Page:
That totally disrupted the media narrative, which had predicted Gingrich winning both states with the possibility of a Mitt Romney upset in one. Several polls showed Santorum trailing both Romney and Gingrich by at least a few points. The former Pennsylvania senator simply wasn't supposed to win in two states so culturally removed from his own. But he did.
While the pundits are treating Santorum's win as an upset, anyone who actually understands the South might not be so shocked.
First, it's important to understand why the others didn't win.
Romney, despite initially dismissing the South as an "away game," started to think he had a shot. He came to Mississippi and obtained the endorsement of Mississippi's Republican governor, Phil Bryant, who won the office of governor last November by virtue of being the next in line among the state GOP establishment. Similarly, Romney hopes to win the Republican nomination by virtue of being next in line of the GOP establishment.
That didn't impress Southern voters.
Nor did Romney's proclamation that he had developed an affinity for grits and—God bless him—he had learned to say "y'all." This is the same guy who attempted to assert his redneck credentials by saying he was friends with NASCAR team owners. Here's the thing about Southerners: Most of us like our culture, we're proud of our good home cookin', we like that everyone else thinks our accents are cute, and yes, we like our grits. And if you start pickin' up on some of our tics, well that's just precious.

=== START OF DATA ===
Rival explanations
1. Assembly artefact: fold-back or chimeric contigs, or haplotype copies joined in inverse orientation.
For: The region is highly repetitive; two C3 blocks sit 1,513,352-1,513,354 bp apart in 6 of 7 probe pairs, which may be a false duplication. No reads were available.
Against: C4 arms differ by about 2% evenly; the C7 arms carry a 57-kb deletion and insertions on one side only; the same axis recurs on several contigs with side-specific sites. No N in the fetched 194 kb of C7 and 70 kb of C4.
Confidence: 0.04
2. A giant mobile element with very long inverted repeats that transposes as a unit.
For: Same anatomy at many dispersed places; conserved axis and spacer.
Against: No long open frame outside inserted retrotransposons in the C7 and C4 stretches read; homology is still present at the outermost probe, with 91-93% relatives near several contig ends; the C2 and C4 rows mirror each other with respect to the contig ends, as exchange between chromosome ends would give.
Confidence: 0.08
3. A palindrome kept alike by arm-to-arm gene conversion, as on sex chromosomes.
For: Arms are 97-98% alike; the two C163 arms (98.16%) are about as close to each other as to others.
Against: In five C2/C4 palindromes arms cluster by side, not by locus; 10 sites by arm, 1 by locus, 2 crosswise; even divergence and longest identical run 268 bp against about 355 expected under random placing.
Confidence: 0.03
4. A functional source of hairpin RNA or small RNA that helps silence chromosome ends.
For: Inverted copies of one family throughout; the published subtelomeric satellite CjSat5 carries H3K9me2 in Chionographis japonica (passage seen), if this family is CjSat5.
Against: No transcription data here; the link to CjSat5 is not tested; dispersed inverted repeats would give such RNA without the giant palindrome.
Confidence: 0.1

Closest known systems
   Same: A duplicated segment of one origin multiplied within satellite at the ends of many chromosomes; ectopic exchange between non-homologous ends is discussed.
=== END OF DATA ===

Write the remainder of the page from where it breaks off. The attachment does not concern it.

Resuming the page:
|Mitt Romney speaks with Miss. Gov. Phil Bryant.|
We also aren't going to vote for you just because you appeal to our darker elements. When I attended a Newt Gingrich rally in Gulfport over the weekend, Gingrich used the same dog whistles he's previously employed when campaigning in Southern states.
There was an appeal to the idea that Obama hates our religion and represents some "otherness." The man who introduced Gingrich and his wife, whose name I believe was Wendy, indicated that by supporting Gingrich, supporters could take America back from Obama and establish a society "where our Christian beliefs aren't to be questioned." Gingrich's biggest applause came when he said that he would end Obama's war on the Catholic Church. I imagine the only way he could've garnered a greater response would've been if he had replaced "Catholic" with "Baptist."